3D Graphics Atari 7800 .pdf
Original filename: 3D_Graphics_Atari_7800.pdf
Title: PowerPoint Presentation
This PDF 1.5 document has been generated by MicrosoftÂ® PowerPointÂ® 2013, and has been sent on pdf-archive.com on 27/09/2015 at 20:34, from IP address 72.77.x.x.
The current document download page has been viewed 431 times.
File size: 269 KB (1 page).
Privacy: public file
Download original PDF file
3D_Graphics_Atari_7800.pdf (PDF, 269 KB)
Share on social networks
Link to this file download page
3D Graphics on Atari 7800
Joey Fernau, Professor Shawn Blanton,
and Professor Franz Franchetti
The Atari 7800 is a 1986 video game console. It
uses a custom 6502 processor called SALLY. It also
uses a custom graphics chip called MARIA, which is
unlike any other console graphics chip. 7800basic is
a new language to program games for the Atari 7800.
There are multiple limitations such as the 48KB ROM
space on game cartridges, 4KB of RAM, and the
unpolished 7800basic language. The goal is to use
projective geometry to display 3D images using the
Atari 7800 computer.
Projective geometry is a superset of standard
Euclidean geometry. It is the study of properties
that are invariant when projected. Given a camera
position (x, y, z, theta, phi, psi), projective geometry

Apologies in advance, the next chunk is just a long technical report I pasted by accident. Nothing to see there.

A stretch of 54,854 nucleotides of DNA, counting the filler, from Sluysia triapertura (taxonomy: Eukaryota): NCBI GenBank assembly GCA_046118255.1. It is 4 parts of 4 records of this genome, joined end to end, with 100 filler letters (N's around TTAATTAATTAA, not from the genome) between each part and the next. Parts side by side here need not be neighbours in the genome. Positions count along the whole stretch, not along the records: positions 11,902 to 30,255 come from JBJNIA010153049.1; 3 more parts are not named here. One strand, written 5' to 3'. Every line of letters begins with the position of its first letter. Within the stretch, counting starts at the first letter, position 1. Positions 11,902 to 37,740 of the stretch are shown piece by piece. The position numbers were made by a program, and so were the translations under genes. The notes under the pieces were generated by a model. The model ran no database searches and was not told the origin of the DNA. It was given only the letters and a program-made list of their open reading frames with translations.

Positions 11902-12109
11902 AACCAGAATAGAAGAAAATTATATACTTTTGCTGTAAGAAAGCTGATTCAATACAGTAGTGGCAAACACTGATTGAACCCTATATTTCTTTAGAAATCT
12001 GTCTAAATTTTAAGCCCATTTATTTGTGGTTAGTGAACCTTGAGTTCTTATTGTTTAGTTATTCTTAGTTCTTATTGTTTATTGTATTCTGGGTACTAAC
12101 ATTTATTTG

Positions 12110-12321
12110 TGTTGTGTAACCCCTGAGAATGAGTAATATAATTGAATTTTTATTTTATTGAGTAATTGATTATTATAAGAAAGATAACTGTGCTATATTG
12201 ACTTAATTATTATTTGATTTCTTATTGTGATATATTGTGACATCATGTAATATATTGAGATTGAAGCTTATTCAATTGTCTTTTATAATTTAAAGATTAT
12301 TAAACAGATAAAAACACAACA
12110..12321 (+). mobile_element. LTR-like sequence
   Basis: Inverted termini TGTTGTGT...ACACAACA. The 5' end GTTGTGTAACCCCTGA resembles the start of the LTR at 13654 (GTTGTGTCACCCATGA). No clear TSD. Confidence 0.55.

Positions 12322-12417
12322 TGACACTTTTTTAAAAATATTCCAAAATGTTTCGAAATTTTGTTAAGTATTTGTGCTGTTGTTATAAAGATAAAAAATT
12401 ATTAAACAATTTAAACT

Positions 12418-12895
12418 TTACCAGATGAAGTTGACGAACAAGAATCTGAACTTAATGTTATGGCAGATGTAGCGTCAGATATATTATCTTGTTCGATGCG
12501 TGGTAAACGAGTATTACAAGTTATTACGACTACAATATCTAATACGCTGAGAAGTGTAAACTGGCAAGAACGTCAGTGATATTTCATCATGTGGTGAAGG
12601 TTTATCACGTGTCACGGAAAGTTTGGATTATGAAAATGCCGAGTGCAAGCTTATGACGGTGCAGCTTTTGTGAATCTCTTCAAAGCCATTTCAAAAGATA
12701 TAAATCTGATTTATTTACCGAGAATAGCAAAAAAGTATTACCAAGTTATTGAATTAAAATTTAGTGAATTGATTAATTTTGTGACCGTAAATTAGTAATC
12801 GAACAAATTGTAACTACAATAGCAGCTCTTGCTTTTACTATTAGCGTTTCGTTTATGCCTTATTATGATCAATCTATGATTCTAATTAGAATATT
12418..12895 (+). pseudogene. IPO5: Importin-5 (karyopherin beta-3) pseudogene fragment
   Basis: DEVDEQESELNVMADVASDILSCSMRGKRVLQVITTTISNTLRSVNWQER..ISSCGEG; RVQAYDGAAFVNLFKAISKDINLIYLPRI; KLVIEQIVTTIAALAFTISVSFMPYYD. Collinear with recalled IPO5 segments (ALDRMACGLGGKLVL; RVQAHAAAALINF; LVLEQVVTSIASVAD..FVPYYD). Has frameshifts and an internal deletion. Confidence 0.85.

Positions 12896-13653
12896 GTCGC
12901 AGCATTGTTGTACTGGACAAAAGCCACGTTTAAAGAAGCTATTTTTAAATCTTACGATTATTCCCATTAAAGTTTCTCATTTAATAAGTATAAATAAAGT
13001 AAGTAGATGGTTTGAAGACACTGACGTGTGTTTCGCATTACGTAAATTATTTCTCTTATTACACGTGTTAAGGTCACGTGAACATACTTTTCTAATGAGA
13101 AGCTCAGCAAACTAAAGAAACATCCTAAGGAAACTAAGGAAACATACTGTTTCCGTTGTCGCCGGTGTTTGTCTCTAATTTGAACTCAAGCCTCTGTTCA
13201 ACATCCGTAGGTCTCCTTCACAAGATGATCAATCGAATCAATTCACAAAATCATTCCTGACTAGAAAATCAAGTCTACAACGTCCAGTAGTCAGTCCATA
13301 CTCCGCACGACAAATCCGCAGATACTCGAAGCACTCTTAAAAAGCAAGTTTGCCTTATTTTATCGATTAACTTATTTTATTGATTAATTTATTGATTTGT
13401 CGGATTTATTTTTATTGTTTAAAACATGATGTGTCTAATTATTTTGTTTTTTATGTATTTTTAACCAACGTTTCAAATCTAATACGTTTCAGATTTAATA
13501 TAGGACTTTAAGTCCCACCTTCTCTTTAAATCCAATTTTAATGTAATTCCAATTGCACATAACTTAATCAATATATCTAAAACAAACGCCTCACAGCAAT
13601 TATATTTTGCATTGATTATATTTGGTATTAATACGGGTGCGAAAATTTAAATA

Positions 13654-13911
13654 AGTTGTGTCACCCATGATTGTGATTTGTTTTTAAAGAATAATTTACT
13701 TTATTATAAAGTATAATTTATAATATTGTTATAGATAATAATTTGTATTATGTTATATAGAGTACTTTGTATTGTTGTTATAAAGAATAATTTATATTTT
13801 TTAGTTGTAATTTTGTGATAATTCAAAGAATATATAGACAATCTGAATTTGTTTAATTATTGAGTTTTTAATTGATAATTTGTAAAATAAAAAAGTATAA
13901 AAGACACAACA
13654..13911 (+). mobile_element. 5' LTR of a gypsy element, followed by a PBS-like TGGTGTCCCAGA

can be applied to map 3D points in space to a 2D
image. This creates the feeling of a 3D
environment. See figure 1. Rotations, translations,
and projections were used in this Python program.
Equation 1 shows the formula used to convert a 3D
point to the 2D screen the user views.
Fixed Point Numbers
7800basic has fixed point numbers, which contain
the integer part of the number and the fractional part
over 256. These fixed point numbers can only be
used in addition and subtraction though. Thus, other
methods of multiplication and division have to be
used to perform these operations, such as repeated
addition. Figure 3 displays the error in fixed point
Figure 2: 8 by 8 sprites are used to display graphics.
The bottommost row are some of the sprites used in
generating the 3D to 2D projected image for the Atari.
7800basic displays images only through 8 by 8
pixel sprites. It also allows for simple animations of
these sprites. After implementing trigonometry,
fixed point multiplication and division, and matrices,
these sprites are animated and translated across
the screen to simulate a 3D environment.
Figure 1: Written in Python using Tkinter. Using
projective geometry to display “walls”. 3D points
corresponding to a given wall’s vertices were mapped
to this 2D image.
Equation 1: Conversion from a vector representing
a point in 3D space to a vector representing a point
on the 2D screen displayed to the user.
Figure 3: On left, multiplying 9 and 3 to produce 27.
On right, multiplying (3 + 33/256) and (7 + 179/256)
to produce (21 + 0/256), which is incorrect!
Atari Museum. http://www.atarimuseum.com/
An Introduction to Projective Geometry
(for computer vision). http://robotics.stanford.edu/~birch/
Link to this page
Use the permanent link to the download page to share your document on Facebook, Twitter, LinkedIn, or directly with a contact by e-Mail, Messenger, Whatsapp, Line..
Use the short link to share your document on Twitter or by text message (SMS)
Copy the following HTML code to share your document on a Website or Blog